Appearing Monday on Mike Huckabee’s radio show, Representative Todd Akin (R-KS), the embattled Republican candidate for Senate, expressed regret for his bizarre comments about “legitimate rape” over the weekend. “I’ve really made a couple of serious mistakes here which were just wrong, and I need to apologize for those,” Akin said. “There is no such thing as legitimate rape. It’s an evil act and it’s committed by violent predators. …”
Later on Sean Hannity’s radio show, Akin addressed his assertion that women who are the victims of so-called “legitimate rape” are not likely to get pregnant. He claimed to have read a medical report confirming this notion, but now no longer believes it. He probably read such a claim because it’s common in pro-life circles, along with the canard that abortion causes breast cancer. It’s a central part of the argument many conservatives make when suggesting that abortion should not be legal, even in cases of rape and incest.
In reality, 25,000 rapes a year result in pregnancies, a fact that pro-lifers go to great lengths to dispute. Why? If a woman can only be impregnated when she’s consenting, this justifies completely criminalizing all abortions.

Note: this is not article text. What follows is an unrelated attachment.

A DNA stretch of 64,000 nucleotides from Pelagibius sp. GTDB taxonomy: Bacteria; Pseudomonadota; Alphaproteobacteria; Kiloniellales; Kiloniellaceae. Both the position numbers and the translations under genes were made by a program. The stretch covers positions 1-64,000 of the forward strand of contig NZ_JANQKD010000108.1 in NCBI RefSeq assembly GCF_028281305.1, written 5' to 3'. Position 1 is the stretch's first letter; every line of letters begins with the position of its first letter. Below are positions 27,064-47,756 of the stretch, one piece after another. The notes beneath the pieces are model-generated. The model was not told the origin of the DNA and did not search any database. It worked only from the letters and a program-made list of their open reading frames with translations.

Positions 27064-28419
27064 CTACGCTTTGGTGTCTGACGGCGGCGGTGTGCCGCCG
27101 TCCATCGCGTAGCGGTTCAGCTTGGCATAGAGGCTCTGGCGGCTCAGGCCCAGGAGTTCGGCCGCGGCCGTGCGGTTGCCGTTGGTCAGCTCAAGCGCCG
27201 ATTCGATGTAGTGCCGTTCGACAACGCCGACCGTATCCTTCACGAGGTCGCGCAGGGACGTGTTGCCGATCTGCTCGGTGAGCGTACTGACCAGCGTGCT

The crusade to ban all abortions includes many if not most elected Republicans. The runner up in this year’s GOP primary Rick Santorum endorses it, along with Rick Perry. Even soon-to-be vice presidential nominee Paul Ryan was anti-abortion rights without exception — until he became Mitt Romney’s running mate. Romney once bragged about having the support of the man who helped Akin come up with his views on “legitimate rape.”
Romney now claims he believes in exceptions for rape and incest — yet when he was pursuing his party’s nomination, he supported the Human Life Amendment, which promotes a ban on all abortions and certain types of birth control.